I have written several versions of this blog in my head and procrastinated on writing the second half of my story. This is where I get vulnerable. This is where the real shit comes out. The shit that has been buried underneath layer after layer of protection. The proverbial “good” and “bad” of my story have been hashed out in the comfort of a oft-told story with familiar words and a predictable outcome in Part One. Now I have finally mustered the courage to unlock the deepest part of my soul and bring it to the surface, so that the so- called “ugly” may finally heal. Contemplation and meditation have led me to decide that nothing is off limits. Honesty to both my readers and myself is of utmost importance when sharing these broken and shattered pieces of my soul. Only then can true healing occur in its purest form.
That Hospital Life
From that point on, everything happened very quickly. Shocked by the news, my mother, very upset, had left to make the necessary phone calls to our family. My father hiding the pain of the diagnosis behind the stoic face he had cultivated over many years of being a firefighter. My little brother searching for the smallest bit of comfort on each of my parents faces.
I was given a hospital bracelet and shuffled upstairs to a hospital room. Most would likely be scared or concerned, I was just relieved at the possibility of finally getting some rest.
As I was just getting settled in the bed, the kind doctor from before came in to perform some simple neurology tests.
As the sun drenched the room with a warm and calming glow, she asked me to spell the word “world” backwards. “D-L….” My gaze was carried to my little brother’s face who was eagerly mouthing the next letters. His eyes begging my brain to cooperate, a desperate insistence that I be ok. I was asked to draw a clock. These tasks were asked of me each day that week in the hospital; each day a little more improvement was seen.
As my awareness of my body and condition grew, I found that my left hand did not work as it was supposed to. I was unable to find the words that I wanted and when I did, they were delivered with an odd twisting of my face. I had a lot of difficulty recognizing anything out of my left peripheral vision, a condition known as ‘left side neglect.’
A flurry of doctors came in and out throughout that first day, teams of young, eager interns and attendings. Over the next week, there was a constant influx of concerned visitors and colorful flower arrangements. Therapists, doctors, phone calls, emails, laughter and optimism filled those long days in the hospital, and after six days, it was time to go home.
But, to what? Hasn’t my life been permanently altered? Am I just supposed to pick back up and do what I was doing before?
I had gone from being a newly independent 19 year old college Sophomore and overnight became completely and hopelessly dependent on others around me. To me, I felt fine; despite the inability to find an object that dropped on my left side, articulate my feelings or walk without a gait belt. But, despite all of that, here I was, all packed up, sitting in a wheelchair and being wheeled out of the hospital doors and into the hardest phase of my life. I was so ignorant to this fact. I was so completely naive.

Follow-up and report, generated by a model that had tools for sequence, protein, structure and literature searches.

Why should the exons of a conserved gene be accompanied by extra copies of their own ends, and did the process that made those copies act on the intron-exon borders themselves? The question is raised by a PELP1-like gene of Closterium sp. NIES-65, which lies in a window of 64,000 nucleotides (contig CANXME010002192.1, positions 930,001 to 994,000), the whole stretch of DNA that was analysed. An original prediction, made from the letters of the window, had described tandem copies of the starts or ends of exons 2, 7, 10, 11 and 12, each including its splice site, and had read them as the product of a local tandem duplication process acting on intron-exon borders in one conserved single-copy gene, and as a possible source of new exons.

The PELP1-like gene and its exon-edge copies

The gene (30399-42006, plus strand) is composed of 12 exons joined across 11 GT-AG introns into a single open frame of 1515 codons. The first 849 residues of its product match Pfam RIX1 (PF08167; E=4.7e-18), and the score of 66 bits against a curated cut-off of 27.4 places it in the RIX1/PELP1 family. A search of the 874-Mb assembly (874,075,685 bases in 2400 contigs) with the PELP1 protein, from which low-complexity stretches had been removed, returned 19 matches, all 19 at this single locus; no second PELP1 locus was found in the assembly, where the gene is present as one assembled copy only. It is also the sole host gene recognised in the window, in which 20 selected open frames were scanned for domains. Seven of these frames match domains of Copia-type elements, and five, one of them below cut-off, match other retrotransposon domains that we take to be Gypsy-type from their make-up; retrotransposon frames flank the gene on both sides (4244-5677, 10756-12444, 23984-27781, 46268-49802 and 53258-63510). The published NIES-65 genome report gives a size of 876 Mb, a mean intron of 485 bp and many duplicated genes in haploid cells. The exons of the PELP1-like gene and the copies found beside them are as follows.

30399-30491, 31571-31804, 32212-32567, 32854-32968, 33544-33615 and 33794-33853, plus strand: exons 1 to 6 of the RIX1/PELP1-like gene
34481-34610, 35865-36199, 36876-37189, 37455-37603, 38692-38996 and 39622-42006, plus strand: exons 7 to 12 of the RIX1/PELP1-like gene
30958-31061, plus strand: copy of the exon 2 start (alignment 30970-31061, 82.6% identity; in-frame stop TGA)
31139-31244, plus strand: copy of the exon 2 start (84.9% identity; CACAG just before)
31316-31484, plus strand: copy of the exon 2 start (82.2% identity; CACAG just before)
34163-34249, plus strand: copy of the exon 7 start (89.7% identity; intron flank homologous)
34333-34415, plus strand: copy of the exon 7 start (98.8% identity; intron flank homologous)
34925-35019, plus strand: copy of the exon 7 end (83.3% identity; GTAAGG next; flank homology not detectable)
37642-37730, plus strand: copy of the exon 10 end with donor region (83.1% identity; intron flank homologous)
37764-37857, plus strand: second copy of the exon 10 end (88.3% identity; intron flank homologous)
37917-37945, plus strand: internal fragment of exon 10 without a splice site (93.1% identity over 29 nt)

What Just Happened?
The drive to the ferry was riddled with predictable Seattle traffic. I was in the back seat of my father’s truck, when suddenly, a strange, new rage overcame me. I was instantly so very upset, I began screaming and kicking the back of the seat in front of me. Stunned (and rightly so) my parents stared at me in complete disbelief. Trying to resist panic, my mother asked if I should go back to the hospital, my father, however could not resist the urge to scream and argue right back at me, causing a violent escalation. The difference here being that only one of us was in control of our temper.
Mom, in a vain attempt to stop the inevitable fight, physically climbed between us to protect me from my father’s temper, a temper that I had learned from an early age not to provoke. However, something had changed and I had lost the fear. I had somehow cast away the compulsion to absorb the abuse. I now had a voice; raw and unfamiliar as it was, it was there. Sensibility eventually found my father, but the damage was done. His boorish and indiscriminate temper had now met its match. Whether I liked it or not.
Instant, raging temper tantrums would continue. For years afterward, I believed it was a product of my inability to handle stress. A weakness, a character flaw so deep that others would always fail to understand. Learning only years later that it was the stroke, and its placement in my brain that caused these.
I would stay in my parent’s home for the next few weeks. Growing up in this abusive household, I thought I had escaped the chaos when I moved away to college. Somehow imagining that it would be better this time around. My absence, however did not solve this issue and only slowed my recovery.
Moving back to my shared apartment from my family home was paramount. So many important moving parts were going on that I just could not seem to grasp.
I was told not to drive, and living on my own with no financial safety net really rendered me hopeless. Depression set in. I struggled to resume a normal life, but the pieces just didn’t fit back together as they had before. I didn’t know how to move on.
Six weeks after my hospital discharge, I was to see both a speech and occupational therapist. I was tasked with scheduling, traveling to and arriving on time to these therapy appointments on my own. Mind you, I was six weeks past a frontal lobe/mid cerebral stroke. This task was nearly impossible. I saw the world as if I was intoxicated. I could still function, and function well- at least I thought so; but it was on a different plane. I missed things that were said, misread people’s emotions and intentions. Eventually, I was discharged from the outpatient therapies, due to not being able to make my appointments.
I returned a month later to my job as a caterer at a large venue where I had previously been well liked by my coworkers; but as the reality of my deficits set in and became more obvious, life as I had known it had changed, permanently. I was no longer ‘happy-go-lucky,’ but rather, paranoid, suspicious and impulsive, thus alienating the very people who loved me.
I did my best to ease back into the life that I had known, but I began, at this point, to realize that it was never going to happen. School, roommates, relationships all came and went and the stroke began to become a blur. Its funny, really how pure necessity determines when and how we move forward and away from significant events, situations and people in our lives.